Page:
Duluth woman ‘spreads the happiness’ with her paintingsWhile her three children were still young, Duluthian Michelle Wegler spent much of her spare time doing loads and loads of laundry each day. Eventually, she discovered that the few minutes between loads could be used to do some painting.
While her three children were still young, Duluthian Michelle Wegler spent much of her spare time doing loads and loads of laundry each day. Eventually, she discovered that the few minutes between loads could be used to do some painting.
So, Wegler set up an easel and a still life in her basement next to the washing machine where she applied a few stokes of color whenever she had a minute to spare. It was in this dark basement that Wegler bettered her skills and grew into an artist.
“It really just satisfied my need to paint, and I learned a lot,” Wegler said about her early days as an artist. “The pastels worked best because I could have everything all set up and would not have to wait for it to dry.”
These days, Wegler has moved out of her basement and into her very own studio on Superior Street, where she works on her latest projects. Before the opening of her current studio nearly a year ago, Wegler shared studio space in a Canal Park building for seven years.
“I tried to continue working at home, but I got distracted by the laundry, mail, and computer,” Wegler said. “When I come here, there is nothing else to do but paint, so I produce much more work having a studio.”
It is in this studio that Wegler showcases both portrait and landscape paintings that she creates with pastels. Wegler said she uses pastels as her primary medium because there is no mixing involved, and the quick drying time allows more time to get involved with the piece itself.
“I like to garden, and to me it’s like gardening because you get your hands dirty,” Wegler said. “I like that touching and being able to use my fingers.”
The wide variety of color options available with pastels allows Wegler to use different color schemes for each piece. For landscape paintings that are done on location, Wegler uses a lot of greens and blues.
“She makes really neat skies where the clouds pop out at you,” said Susan Bolos, owner of Just for the Season Gallery in Duluth, an art gallery that sells some of Wegler’s work. “Her paintings really make you feel good, especially if you like the outdoors and can envision yourself walking down that trail or standing under those trees.”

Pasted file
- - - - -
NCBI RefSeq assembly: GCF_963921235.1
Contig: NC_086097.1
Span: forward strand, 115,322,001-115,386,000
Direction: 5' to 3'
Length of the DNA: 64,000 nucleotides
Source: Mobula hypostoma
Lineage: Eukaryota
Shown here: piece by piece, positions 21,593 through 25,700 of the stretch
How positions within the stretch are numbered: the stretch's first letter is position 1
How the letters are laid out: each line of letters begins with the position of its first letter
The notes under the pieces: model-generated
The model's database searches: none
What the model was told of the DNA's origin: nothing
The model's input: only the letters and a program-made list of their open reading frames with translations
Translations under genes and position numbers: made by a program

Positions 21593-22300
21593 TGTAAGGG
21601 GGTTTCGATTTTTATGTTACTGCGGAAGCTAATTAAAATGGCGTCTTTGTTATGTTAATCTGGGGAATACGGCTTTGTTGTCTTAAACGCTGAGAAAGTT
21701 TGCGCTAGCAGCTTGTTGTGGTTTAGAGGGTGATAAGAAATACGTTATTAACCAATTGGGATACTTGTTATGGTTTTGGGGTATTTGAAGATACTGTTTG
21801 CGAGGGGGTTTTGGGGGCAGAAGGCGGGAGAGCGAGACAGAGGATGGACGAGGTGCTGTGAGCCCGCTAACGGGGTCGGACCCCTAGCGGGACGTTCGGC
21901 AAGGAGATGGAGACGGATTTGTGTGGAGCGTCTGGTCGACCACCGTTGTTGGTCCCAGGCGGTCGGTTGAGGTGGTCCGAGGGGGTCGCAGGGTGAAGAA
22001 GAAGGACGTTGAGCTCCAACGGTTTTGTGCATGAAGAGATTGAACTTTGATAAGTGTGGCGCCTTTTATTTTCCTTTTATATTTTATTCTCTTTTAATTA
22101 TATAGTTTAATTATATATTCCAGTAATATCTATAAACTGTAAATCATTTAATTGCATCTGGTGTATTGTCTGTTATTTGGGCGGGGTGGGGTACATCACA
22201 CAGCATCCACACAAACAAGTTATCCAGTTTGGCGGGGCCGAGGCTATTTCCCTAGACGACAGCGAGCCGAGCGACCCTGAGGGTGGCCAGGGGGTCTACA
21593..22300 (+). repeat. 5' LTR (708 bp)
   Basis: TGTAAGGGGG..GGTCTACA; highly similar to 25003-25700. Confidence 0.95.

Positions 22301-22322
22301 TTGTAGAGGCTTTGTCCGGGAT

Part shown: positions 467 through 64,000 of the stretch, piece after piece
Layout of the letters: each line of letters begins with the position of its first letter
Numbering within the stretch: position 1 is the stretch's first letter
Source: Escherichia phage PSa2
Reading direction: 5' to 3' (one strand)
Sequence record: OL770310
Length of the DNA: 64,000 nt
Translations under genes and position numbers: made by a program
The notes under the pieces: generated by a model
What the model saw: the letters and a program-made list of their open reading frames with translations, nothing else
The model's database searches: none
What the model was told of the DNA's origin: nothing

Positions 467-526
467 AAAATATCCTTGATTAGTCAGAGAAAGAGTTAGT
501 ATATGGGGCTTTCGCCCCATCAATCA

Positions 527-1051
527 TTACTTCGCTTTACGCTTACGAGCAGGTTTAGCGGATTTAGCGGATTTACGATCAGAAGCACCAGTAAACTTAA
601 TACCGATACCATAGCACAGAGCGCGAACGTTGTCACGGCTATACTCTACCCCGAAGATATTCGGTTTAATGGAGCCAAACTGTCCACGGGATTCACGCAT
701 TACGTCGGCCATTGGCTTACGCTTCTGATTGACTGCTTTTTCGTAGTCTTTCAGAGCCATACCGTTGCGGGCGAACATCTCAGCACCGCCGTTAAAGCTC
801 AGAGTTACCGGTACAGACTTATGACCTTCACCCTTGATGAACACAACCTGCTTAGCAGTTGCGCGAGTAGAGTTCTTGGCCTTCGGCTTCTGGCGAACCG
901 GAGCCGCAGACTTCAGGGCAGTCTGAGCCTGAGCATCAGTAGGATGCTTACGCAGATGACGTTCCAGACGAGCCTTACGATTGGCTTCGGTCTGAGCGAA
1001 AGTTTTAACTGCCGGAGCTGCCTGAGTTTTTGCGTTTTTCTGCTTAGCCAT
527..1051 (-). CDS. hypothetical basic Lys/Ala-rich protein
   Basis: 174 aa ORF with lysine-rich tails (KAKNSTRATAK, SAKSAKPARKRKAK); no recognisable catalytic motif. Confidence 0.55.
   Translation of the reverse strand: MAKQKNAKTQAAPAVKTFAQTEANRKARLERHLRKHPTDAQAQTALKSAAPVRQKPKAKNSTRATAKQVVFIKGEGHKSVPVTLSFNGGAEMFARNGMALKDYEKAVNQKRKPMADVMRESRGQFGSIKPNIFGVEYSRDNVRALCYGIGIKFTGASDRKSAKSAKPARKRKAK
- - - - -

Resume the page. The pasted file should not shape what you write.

For Wegler, it is all about making the scene look appealing once the painting has been removed from location.
“I try to paint things that are around people everyday that they may not notice,” she said. “I’ll work out different sketches, deciding which section would work best and if the trees could be moved a little bit to give it some more variety. Everything, everywhere is a potential subject.”
Creating a memorable scene may take Wegler anywhere from three hours to a month, and capturing the beauty of each season sometimes means braving below-zero temperatures. Yet, it is all worth it for Wegler when she sees people’s reactions to her work.
“I like the results and to have people respond to them when they’re finished,” Wegler said. “When someone notices something that really moves them, I really enjoy that.”
When it comes to portraits, Wegler often uses photographs of the individual to create a painting. It is in her studio that she is able to do most of her portrait work, along with polishing up some of her bigger outdoor paintings.
With a variety of paper sizes and color options, Wegler does portraits of people and pets. Typically, she works from darker colors to lighter colors when creating a portrait painting in order to make even skin tones.
Wegler’s paintings are sold at Just for the Season Gallery in Duluth and at galleries in Zumbrota, Minn. and Calumet, Mich. The many art galleries that she is a part of also hold exhibits where she sells her pieces.
Yet, it was much earlier that Wegler began to make money off her art, and she jokes that she made her first commission in second grade while coloring in chalk on the chalkboard.
“I’ve always liked art, and I dabbled in it ever since I was a kid,” Wegler said. “I paint because I like it, but I also add the fact of trying to make the customer happy. My intention is for people to take them home so I can spread the happiness.”
Wegler continues to learn more about her medium, as she took art classes at the University of Minnesota Duluth and currently is taking instructional classes from other artists.
When not involved in her painting, Wegler enjoys gardening, knitting, being outside, and spending time with her husband Greg, and children Katie, Mary, and Karl. Wegler also works part-time as an occupational therapist, but she makes sure to find time for her love of painting.
“Michelle does beautiful work, and her paintings make you feel good,” Bolos said. “She puts her soul into her work.”
To view some of Wegler’s work, visit her website at www.michelle weglerart.blogspot.com. Just for the Season Gallery in Duluth sells a variety of sizes and styles of Wegler’s paintings, and is open Tuesday through Saturday from 11 a.m. to 5 p.m.